- The phone receives the firmware and if this is a secure environment, performs a checksum on the configuration files to make sure they match
- If everything is Kosher, the phone will begin the update process. Once complete it will enter service.
- Every few minutes (days) or when the phone powers on, it will repeat this process starting at step 4
This process has to work every time for every handset. Now, one would think that after the 150 years of telecom that we’ve had, there might be some standardization between vendors but that’s certainly not the case with respect to provisioning. Every manufacturer has a different way crafting their provisioning files, even down to the number required to boot a phone or even the names of the files. It’s enough to drive a developer batty, but this is what we have to work with in Telecom. Seriously go look at the Polycom firmware grid; it’s like a forest of incompatible firmwares.
The Polycom Nightmare Grid
If you want to present your users with simple-to-consume services, you must first conceal complexity. That’s a recurring theme in all the work we do at 2600hz, but it’s perhaps no more true than what we’re doing with respect to provisioning.
What are we doing about it?
At 2600hz, we believe in presenting simple interfaces for complex services. When we think of provisioning, we want our clients to experience a service that “just works”. We don’t allow folks to see firmware file names because we know what works with our servers. Power users can get this functionality back with trivial difficulty, but for the majority of use cases, the default settings are perfect. Here’s what our provisioning interface looks like in our GUI:
You’ll notice that we request a user to select a make and model of their phone, a name and a MAC address. The only piece of really specialized information is the MAC address; everything else is immediately obvious to the user. But provisioning the handset doesn’t govern how the handset might interact with the network. That’s why we’ve included some extra tools to take the experience just a bit further. Like take segregating Voice and Data traffic without physically separate ports. That’s hard to do without VLAN tags but who wants to manually go into each phone to program a VLAN? That’s complicated, and remember, 2600hz is all about hiding complexity:
Here you’ll see a place to enter a VLAN tag. It really is that simple to push VLANs to all of your clients equipment.
How do we hide all this complexity?
When you check new boxes in the management interface for provisioning your handset, we make on the fly changes to the provisioning file for that phone. If you want to have a Yealink T-22 change from 1 line to 2 lines, you can execute that change NOT with a site visit to your client, but with the click of a mouse. This dramatically reduces labor and wasted time in client site visits by eliminating unnecessary troubleshooting.
2600hz has built an awesome suite of provisioning tools for our clients to use in managing their systems. Provisioning is hard because hardware manufacturers make it hard, but that’s why there’s an opportunity for us to innovate in the first place. By concealing complexity from our clients, we make things run smoother and in a much more controllable fashion.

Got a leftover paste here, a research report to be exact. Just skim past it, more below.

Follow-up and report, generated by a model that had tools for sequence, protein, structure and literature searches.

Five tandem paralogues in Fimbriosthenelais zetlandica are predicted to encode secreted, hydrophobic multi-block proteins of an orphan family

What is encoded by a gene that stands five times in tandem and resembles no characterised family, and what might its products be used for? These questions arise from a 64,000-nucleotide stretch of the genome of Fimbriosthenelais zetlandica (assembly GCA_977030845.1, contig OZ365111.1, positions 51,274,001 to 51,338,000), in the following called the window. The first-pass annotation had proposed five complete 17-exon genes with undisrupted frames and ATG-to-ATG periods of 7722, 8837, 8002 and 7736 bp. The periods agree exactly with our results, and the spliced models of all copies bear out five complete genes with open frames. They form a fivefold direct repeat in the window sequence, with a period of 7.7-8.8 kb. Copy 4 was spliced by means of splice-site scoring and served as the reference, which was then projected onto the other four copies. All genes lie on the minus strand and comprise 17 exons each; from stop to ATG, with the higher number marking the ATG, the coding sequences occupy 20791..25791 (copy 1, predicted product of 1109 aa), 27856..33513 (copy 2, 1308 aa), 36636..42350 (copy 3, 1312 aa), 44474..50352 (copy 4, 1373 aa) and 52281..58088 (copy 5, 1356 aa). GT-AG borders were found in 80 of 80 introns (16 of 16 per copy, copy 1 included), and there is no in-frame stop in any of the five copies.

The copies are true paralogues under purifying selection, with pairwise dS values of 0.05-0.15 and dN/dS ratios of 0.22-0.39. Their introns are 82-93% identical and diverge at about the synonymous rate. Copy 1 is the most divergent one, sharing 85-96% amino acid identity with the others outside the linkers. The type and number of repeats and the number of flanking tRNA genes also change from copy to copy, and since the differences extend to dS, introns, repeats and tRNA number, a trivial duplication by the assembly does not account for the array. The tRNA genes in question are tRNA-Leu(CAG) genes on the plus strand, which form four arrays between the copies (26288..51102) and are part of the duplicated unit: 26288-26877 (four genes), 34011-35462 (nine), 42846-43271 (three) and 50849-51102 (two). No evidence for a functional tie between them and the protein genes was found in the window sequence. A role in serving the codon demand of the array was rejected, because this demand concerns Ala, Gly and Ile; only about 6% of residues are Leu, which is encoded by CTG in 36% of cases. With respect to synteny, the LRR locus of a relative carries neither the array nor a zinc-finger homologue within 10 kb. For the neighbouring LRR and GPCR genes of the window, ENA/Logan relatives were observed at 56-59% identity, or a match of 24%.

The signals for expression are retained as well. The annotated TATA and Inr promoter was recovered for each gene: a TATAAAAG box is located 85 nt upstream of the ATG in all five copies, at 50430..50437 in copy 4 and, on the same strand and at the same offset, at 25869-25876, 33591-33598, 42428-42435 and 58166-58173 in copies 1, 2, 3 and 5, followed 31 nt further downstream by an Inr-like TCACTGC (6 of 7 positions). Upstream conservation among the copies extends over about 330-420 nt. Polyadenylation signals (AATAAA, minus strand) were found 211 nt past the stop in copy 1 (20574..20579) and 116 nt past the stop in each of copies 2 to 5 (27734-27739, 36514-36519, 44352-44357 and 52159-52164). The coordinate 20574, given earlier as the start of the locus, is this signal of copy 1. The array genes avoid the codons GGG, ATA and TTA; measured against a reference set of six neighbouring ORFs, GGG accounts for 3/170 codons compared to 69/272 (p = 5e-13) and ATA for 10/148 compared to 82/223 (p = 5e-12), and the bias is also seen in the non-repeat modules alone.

See our Powerpoint here:
Do provisioning servers make you feel weak in the knees? Does the prospect of reading SIP Packets for a living intrigue you? You might have a future working with 2600hz. If this is interesting, shoot us an email at firstname.lastname@example.org and we’ll chat :D.
Expert Q&A Faxing Edition
We wrapped up an excellent Q&A this morning on the subject of faxing. Yes, the Darth Vader of VoIP has been slain. We broke down a ton of helpful information in our attached powerpoint and hopefully we were able to debunk a lot of myths.
If you missed the event, here are some great quotes:
Silence is the signaling protocol for Faxing
-Darren Schreiber, CEO, 2600hz
Fax machines were designed to deal with noise, not dropouts. IP is designed to deal with dropouts but not noise. The secret to doing faxing at scale is finding the happy medium.
-Joshua Goldbard, VP of Marketing, 2600hz
We also had some great “Pro Tips” for folks doing faxing at scale:
- Turn up the Jitter Buffer
- Turn off the adaptive buffer (Variable timing is death for faxing)
- Turn off Echo Cancellation (Remember silence is the delimiter)
- Reduce Confounding Factors (If it doesn’t help, eliminate it so it can’t break later)
Finally, one piece of the discussion I wanted to pull out was the talk on codec negotiation. Some carriers will ask folks to start calls as G729 and then change to T.38 midway through the call. The reason a carrier does this is because running calls over expensive gear is expensive. Ideally, a carrier will only run the calls that require expensive gear over the expensive gear and everything else should run over the cheap gear, but the one of the major features of the expensive gear is T.38 tolerance. What this means is that you have to first send a signal to your carrier to get onto the expensive switch (starting the call in G729) and then convert the call to T.38 afterwards.
THE REASON CALLS WITH NAKED T.38 FAIL is because many carriers are not setup to route T.38 media unless you tell them it goes on the expensive gear. Therefore, you have to signal G729 first to get on the expensive gear before you can begin a fax transmission. This is a huge pain, but it exists to lower the costs of carrier operations.
Last note: Asterisk and Freeswitch both use spandsp so if someone tells you it works better on one platform over the other, they’re probably commenting about the network and not the switch
Don’t forget our provisioning Q&A, two fridays from today. Here’s the link:
Thanks and see you soon!